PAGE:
"It's unheard of, the size of the advertising budget, comparing it to any other operating company that generates that amount of volume. And so that makes it all the more impressive," she said. Goldberg later added, "As you can note, it's an extraordinarily lean advertising budget for a very large operating company."
Tuesday's meeting also featured a presentation from Full Contact on its work to produce ads connected to the Lottery's 50th anniversary this year. The commission also saw a video produced in-house to advertise a Keno promotion; like another recent Lottery video, this one cast a Lottery employee in an acting role to minimize costs.
"It would be nice to have a little bit more," Goldberg said of the Lottery's advertising budget. "Maybe it's something we can, as we continue to grow in volume, and we can show the percentage of our marketing budget getting smaller and smaller versus the amount of volume that we have. It would be a fascinating number to be looking at."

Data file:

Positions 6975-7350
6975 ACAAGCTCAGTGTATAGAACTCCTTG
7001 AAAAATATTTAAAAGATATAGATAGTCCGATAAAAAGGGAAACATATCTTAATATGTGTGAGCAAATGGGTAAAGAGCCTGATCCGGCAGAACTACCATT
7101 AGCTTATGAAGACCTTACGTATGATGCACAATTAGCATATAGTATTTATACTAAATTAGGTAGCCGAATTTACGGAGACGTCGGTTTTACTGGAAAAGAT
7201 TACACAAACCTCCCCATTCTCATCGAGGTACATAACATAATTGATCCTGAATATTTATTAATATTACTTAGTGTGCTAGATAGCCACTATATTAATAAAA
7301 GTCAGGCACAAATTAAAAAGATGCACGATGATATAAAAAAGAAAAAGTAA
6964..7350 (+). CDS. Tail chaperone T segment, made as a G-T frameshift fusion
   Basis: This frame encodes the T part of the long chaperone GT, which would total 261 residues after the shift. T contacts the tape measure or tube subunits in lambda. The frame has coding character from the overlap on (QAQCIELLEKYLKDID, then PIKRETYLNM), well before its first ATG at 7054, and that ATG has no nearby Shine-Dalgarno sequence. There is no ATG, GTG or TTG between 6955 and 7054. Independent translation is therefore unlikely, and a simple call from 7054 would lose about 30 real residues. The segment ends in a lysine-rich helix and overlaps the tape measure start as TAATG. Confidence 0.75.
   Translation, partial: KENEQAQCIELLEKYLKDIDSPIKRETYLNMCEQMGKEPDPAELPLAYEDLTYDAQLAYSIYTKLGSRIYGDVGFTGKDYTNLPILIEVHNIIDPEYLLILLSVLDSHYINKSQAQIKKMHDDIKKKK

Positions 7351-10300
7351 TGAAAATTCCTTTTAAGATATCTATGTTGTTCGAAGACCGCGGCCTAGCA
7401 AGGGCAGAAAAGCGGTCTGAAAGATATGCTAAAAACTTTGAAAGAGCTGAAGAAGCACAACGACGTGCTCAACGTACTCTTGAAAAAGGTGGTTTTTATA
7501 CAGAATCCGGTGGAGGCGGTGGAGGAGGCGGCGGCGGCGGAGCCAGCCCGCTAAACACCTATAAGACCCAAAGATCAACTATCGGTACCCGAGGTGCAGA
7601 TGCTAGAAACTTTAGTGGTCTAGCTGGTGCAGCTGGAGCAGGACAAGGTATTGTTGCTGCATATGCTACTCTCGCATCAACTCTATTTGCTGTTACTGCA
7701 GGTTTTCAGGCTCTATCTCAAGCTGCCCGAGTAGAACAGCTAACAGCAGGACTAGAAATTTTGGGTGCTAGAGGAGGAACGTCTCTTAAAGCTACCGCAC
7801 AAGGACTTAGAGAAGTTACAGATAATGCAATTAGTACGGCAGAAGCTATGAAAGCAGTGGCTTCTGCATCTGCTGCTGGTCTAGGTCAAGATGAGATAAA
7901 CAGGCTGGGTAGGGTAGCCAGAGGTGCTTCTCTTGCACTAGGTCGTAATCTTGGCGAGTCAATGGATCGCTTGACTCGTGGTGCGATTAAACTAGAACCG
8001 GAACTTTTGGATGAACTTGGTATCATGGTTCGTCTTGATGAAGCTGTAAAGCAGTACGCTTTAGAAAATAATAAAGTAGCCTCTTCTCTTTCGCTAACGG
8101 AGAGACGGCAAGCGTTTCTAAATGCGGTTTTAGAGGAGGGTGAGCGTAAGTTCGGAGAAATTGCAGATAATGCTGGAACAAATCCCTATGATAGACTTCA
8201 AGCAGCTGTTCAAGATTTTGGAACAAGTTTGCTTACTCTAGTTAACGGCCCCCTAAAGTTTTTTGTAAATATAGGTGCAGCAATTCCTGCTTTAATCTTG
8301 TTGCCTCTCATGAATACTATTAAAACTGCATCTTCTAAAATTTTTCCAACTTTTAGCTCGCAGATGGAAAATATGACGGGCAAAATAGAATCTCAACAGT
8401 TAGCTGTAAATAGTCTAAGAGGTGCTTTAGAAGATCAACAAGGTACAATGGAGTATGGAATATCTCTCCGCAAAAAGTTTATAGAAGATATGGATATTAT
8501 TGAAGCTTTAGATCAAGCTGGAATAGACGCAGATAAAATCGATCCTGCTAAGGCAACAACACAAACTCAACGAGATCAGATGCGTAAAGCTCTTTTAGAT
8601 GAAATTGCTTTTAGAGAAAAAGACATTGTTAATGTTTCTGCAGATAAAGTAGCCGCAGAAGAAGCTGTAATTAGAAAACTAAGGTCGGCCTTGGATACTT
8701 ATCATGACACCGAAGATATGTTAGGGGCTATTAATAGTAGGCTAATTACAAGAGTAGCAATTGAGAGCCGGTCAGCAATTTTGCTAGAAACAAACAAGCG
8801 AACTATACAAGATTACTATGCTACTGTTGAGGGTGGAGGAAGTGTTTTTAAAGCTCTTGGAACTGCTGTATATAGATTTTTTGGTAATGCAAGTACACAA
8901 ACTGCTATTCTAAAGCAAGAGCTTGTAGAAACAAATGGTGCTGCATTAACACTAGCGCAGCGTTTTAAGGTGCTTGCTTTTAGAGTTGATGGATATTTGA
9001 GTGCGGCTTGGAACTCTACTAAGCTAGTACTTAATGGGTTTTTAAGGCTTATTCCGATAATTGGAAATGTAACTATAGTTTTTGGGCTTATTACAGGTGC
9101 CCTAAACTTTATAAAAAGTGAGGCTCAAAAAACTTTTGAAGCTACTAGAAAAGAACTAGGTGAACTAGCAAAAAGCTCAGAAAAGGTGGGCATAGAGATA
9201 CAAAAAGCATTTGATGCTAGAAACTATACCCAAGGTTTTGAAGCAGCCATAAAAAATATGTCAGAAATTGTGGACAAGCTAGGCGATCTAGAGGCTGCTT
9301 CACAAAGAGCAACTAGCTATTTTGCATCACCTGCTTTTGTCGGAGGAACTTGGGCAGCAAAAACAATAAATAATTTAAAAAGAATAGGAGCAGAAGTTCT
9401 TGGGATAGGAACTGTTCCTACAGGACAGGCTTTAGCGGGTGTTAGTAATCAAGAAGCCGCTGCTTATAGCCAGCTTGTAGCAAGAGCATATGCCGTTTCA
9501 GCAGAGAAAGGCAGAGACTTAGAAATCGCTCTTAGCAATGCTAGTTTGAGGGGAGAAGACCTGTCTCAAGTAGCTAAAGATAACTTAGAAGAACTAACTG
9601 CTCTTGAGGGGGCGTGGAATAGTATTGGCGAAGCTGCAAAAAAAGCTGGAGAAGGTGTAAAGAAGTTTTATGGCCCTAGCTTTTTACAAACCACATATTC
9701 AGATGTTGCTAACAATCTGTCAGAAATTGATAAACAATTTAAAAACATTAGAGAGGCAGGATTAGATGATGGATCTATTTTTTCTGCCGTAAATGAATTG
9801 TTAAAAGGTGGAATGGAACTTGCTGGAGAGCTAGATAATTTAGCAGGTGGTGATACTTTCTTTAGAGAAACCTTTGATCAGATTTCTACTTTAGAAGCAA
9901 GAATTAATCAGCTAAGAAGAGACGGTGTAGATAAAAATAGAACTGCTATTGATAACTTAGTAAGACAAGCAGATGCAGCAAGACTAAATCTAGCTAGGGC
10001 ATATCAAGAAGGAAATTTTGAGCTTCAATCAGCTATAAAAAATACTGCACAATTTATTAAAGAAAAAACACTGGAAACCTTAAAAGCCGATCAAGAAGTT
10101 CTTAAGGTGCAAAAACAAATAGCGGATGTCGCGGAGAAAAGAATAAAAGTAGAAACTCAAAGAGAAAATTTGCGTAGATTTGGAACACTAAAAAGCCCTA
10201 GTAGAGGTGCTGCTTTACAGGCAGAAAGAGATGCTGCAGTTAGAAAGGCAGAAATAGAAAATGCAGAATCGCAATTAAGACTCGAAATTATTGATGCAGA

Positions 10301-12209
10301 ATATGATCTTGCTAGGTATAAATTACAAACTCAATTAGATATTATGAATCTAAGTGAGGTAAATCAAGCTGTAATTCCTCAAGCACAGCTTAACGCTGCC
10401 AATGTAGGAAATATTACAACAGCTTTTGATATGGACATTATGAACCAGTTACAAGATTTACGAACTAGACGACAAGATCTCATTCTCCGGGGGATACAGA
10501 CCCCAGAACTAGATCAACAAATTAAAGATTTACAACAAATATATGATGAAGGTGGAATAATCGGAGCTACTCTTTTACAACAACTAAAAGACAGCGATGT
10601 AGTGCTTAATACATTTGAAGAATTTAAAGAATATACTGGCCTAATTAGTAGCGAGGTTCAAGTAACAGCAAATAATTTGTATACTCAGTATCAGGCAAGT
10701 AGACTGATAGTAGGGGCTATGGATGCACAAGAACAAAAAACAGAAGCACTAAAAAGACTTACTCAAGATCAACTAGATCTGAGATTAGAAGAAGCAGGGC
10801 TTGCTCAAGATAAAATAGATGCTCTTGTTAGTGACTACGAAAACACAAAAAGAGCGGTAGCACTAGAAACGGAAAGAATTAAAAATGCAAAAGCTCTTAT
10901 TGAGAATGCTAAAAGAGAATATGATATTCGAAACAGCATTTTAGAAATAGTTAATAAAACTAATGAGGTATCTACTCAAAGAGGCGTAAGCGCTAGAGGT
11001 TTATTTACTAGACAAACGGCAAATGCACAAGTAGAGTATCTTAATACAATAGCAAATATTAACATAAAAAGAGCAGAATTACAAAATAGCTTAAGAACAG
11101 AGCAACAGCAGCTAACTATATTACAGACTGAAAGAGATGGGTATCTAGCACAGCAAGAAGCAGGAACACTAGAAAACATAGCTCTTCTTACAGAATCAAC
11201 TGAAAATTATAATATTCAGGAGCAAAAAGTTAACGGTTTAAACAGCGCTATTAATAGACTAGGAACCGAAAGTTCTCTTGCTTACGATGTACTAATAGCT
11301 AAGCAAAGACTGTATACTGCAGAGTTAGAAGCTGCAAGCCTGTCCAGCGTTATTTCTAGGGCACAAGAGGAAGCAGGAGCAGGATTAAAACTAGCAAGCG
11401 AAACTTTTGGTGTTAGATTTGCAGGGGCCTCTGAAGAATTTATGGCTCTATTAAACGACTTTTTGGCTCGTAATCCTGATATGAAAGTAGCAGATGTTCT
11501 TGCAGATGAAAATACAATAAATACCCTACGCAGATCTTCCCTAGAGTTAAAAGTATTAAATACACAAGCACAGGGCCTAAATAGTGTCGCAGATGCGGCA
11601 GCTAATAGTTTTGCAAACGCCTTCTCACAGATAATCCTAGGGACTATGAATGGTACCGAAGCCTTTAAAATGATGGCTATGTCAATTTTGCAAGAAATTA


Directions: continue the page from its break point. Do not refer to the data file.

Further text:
The Lottery's advertising-specific budget line item has been set at a steady $4.5 million since mid-2016 and the House and Senate have both approved that same amount again for the fiscal year 2023 budget. If the ad budget stays there through conference negotiations, it would be the seventh straight year of level funding. The Lottery's ad budget is supplemented with a small portion of funds from its monitor games.
Lottery advertising has not been much of a talker on Beacon Hill in recent years, but its history intersects with a number of significant people and events of the last few decades of Massachusetts politics.